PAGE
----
William Hague: Long and interesting life
Politico's owner Ian Dale told me: "Although he is very young, William Hague has had a very interesting life - particularly his upbringing and his early involvement in politics."

He expects the book to be a frank look at the man and to concentrate particularly on the leadership contest which followed John Major's resignation.

And there is one very good reason to believe the book will not try to do Mr Hague any big favours.

Apparently, the author was one of the many Central Office workers who lost their jobs in the purge which followed Mr Hague's election.

Worse to come

Billericay's famous HRT-driven MP Teresa Gorman has just been suspended from the Commons for a month without pay for failing to properly declare some property interests.

But, during a debate on the punishment, several of her fellow backbenchers leapt to her defence.

Probably the most startling was the intervention by the Commons second wealthiest man - his pal Michael Heseltine being the first - Sir Peter Tapsell.


Sir Peter Tapsell: The cost of maids nowadays
First he pleaded that running overseas property was not as big a money spinner as many might think because you had to take into account the cost of maids and gardeners.

He then went on to describe Mrs Gorman as a "combative and zany lady" and confessed to having known many such ladies in his life and "rather liking them."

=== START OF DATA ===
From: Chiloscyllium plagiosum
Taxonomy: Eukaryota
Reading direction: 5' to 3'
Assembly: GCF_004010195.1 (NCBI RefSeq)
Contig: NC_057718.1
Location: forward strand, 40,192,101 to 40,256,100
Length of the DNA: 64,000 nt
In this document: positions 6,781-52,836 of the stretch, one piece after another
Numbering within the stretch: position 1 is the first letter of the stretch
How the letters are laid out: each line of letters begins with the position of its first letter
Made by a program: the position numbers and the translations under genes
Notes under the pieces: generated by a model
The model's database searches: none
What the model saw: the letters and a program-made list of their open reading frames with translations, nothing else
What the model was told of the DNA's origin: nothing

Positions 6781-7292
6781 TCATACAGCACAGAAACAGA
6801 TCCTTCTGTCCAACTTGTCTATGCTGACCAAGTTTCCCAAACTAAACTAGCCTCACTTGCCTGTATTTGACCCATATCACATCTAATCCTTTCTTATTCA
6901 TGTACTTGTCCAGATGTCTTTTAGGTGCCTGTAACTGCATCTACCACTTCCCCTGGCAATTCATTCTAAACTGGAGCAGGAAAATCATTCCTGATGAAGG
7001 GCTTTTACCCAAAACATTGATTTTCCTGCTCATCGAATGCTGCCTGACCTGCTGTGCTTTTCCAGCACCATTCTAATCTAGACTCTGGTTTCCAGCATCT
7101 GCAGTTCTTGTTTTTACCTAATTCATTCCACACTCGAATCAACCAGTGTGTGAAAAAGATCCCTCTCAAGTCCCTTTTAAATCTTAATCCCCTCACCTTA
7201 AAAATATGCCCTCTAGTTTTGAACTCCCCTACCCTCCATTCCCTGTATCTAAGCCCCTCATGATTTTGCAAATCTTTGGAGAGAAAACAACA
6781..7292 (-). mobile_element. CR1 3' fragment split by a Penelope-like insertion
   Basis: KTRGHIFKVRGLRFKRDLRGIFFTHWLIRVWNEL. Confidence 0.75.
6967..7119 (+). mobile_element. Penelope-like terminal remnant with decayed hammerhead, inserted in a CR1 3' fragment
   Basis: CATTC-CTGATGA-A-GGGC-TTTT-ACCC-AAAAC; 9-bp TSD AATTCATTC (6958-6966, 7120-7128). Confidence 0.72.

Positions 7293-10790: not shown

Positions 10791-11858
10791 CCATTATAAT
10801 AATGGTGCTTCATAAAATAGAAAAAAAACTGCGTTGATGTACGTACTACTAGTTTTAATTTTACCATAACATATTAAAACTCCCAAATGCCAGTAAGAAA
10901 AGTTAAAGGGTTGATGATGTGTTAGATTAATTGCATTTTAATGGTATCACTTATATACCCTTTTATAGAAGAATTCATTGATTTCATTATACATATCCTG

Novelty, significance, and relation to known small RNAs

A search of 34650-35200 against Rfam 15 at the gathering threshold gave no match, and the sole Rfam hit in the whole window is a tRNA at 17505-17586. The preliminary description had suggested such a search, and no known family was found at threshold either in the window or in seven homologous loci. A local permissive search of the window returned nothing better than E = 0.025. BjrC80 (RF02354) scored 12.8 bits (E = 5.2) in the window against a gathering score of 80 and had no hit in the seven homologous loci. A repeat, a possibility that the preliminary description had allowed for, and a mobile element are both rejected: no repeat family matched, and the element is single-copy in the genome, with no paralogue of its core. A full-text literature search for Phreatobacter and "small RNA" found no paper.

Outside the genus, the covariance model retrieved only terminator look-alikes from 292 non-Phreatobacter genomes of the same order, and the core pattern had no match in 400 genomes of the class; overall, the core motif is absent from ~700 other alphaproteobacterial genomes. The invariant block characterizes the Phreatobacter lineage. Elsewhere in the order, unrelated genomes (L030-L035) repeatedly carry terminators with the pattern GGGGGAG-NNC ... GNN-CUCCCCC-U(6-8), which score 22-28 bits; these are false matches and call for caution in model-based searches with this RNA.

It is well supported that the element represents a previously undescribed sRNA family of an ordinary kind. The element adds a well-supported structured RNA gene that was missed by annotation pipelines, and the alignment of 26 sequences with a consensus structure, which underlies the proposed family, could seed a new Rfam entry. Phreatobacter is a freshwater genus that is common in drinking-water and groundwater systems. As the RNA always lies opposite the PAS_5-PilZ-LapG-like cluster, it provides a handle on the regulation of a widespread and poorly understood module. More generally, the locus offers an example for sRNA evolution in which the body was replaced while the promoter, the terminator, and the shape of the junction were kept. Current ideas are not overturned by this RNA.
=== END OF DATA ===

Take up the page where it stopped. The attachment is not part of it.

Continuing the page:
But by far the most intriguing comment was about the nature of sleaze in the Commons itself.

"Unfortunately, many of my colleagues - particularly, I am ashamed to say, in my own party - behaved so disgracefully in the previous Parliament that we were inevitably drawn into the present situation.

"There is no reversing that, and it is going to get worse."

Does he know something we don't?

Bleeping for jobs

New Labour's love of the pager is legendary and every MP is expected to wear a "Millbank messenger" so they can receive orders from above at any time of day or night.

But surely things have gone a bit far with Chancellor Gordon Brown's latest suggestion.

He is planning to provide the unemployed with pagers so they can be bleeped with the latest information about job vacancies.

"Presumably the messages will read 'minimum wage job at local slaughterhouse - get on your bike'" quipped one backbencher.

Falling out

Northern Ireland Secretary Peter Mandelson is famous for bearing grudges and blanking people who have upset him or he no longer deems worthy of his attention.


Peter Mandeslon and Mo Mowlam exchange last words
But I was astonished to learn of the latest victim of his radio silence.

According to his predecessor, Mo Mowlam, he has not spoken to her since he got her job in Tony Blair's summer re-shuffle.

I can't think what Mo may have done to upset him. After all he did get her job - eventually.

Millbank jokes

Labour's drones in Millbank tower are currently spending much of their time trying to dream up anti-Livingstone propaganda, jokes and so on.

The latest refers to his plan to finance improvements to the London underground through a bonds issue, rather than the government's part-privatisation.

The teenagers are going around telling people: "Well, you know Ken - his bond is as good as his word."

Gossip

If you have any political gossip or information on what our MPs are up to, e-mail Nick Assinder (all mails will be treated as confidential).